What makes Parler different, Schafer said, is that it attracts a more mainstream conservative audience.

“This is not aggrieved 20-year-old gamers flooding to Parler. This is your aunt and uncle,” he said, noting that the content isn’t too different from what’s circulating in conservative circles on Facebook and Twitter, especially on the election.

But unlike those two platforms, he said, the content on Parler is not only free from labels, it’s also unchecked by any dissenting voices on the site.

“It’s not as if Parler is taking you to the worst parts of the internet in terms of speech. It’s just an entirely conservative ecosystem, and that is problematic in the same way if you had an entirely left-wing ecosystem it would be problematic,” Schafer said.

Trump has yet to create a Parler account, but his campaign has one, known as Team Trump, that has been used to spread some of the same content that Twitter and Facebook have clamped down on.

For example, Team Trump on Nov. 4 posted that Trump won Pennsylvania. News networks and The Associated Press called the state for President-elect Joe BidenJoe BidenBiden has spoken with some GOP senators, chief of staff says Trump told advisers he could announce 2024 bid shortly after certification of Biden win: report Obama ‘troubled’ by GOP attempts to cast doubt on election results: ‘That’s a dangerous path’ MORE three days later, citing his lead in the vote count.


On Parler, the Trump campaign post went unchecked, whereas similar premature claims of victory from Trump and his allies were labeled on Twitter and Facebook as part of the platforms’ amped up content moderation measures surrounding the election.

In an interview with Cheddar, Parler CEO John Matze defended the platform’s decision to leave the Pennsylvania post up unchecked.

“Anybody can say what they want. It’s a free country,” Matze said. “We believe in people and their ability to solve these things on their own, without our heavy hand. We don’t want to get involved.”

When reached for comment about misinformation concerns surrounding the platform’s hands-off approach to content, Chief Operating Officer Jeffrey Wernick responded by saying: “Parler is a breath of fresh air for those weary and wary of the way they’ve been treated by our competitors. And now that many of their friends are already on Parler, they’ve decided it’s worth their investment of time to give us a try. We plan to earn their continued business.”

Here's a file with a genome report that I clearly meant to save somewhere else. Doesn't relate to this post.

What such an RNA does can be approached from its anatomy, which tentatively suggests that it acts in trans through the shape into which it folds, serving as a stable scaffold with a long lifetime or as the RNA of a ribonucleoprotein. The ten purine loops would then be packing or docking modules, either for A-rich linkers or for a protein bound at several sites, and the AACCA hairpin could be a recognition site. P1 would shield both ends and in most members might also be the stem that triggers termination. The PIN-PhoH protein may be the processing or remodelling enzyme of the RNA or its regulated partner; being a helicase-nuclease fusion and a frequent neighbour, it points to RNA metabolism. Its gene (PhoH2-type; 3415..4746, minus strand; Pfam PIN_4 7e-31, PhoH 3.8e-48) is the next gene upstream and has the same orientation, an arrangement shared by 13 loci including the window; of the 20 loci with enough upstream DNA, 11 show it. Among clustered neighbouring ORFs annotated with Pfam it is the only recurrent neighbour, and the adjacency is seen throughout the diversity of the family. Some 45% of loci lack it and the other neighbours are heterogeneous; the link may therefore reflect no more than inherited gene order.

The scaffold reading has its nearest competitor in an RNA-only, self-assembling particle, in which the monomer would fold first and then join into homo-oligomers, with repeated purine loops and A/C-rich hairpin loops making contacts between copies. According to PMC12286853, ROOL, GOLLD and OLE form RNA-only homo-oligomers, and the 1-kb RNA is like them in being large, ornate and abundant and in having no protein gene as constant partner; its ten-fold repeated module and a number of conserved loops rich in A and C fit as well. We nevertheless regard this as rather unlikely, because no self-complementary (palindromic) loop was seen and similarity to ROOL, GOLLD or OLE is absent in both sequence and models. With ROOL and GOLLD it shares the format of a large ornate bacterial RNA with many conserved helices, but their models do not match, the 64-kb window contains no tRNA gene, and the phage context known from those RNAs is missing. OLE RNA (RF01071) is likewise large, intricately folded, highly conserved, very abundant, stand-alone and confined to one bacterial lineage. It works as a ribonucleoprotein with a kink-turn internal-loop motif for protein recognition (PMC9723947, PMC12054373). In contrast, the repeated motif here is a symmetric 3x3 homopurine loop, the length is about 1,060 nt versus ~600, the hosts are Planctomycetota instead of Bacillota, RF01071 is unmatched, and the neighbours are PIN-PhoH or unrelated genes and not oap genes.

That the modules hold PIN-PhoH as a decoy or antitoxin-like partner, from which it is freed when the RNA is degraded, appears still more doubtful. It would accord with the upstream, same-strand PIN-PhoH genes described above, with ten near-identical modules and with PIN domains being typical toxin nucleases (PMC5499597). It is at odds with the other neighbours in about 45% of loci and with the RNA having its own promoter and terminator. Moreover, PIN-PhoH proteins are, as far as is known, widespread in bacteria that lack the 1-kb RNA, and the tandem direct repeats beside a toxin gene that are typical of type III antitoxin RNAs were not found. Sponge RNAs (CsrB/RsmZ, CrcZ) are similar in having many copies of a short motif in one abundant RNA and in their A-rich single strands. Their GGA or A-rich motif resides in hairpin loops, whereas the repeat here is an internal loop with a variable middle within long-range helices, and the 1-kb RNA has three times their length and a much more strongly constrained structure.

Schafer noted that Facebook and Twitter also didn’t aim to moderate content — or fact-check the president — when they first launched. But as issues popped up, they adapted to moderate a bit more aggressively, he said.

Some experts warn that if Parler starts chipping away at the number of Twitter and Facebook users, those two platforms may consider loosening their own policies aimed at mitigating misinformation.

Facebook and Twitter declined to comment for this story. Neither platform, however, has strongly indicated they are planning to scale back their content moderation policies.


Unchecked content also risks exploitation of misinformation by foreign actors, much like it did on U.S. social media platforms in 2016, said Saif Shahin, an assistant professor at American University’s School of Communications.

But he said Parler’s success underscores that misinformation in the U.S. is now fundamentally a domestic problem.

“We have people in this country divided so sharply along partisan lines that they actively are seeking what we consider to be disinformation, but what they consider just one type of information,” Shahin said.

“It is a domestic problem, a social problem, within American society. As the problem exists we’ll have newer apps, and foreign actors trying to exploit those new apps,” he added. “But those are the outcomes — those are not the causes. The cause is really the partisan divide and how people drive their own identities based on this division.”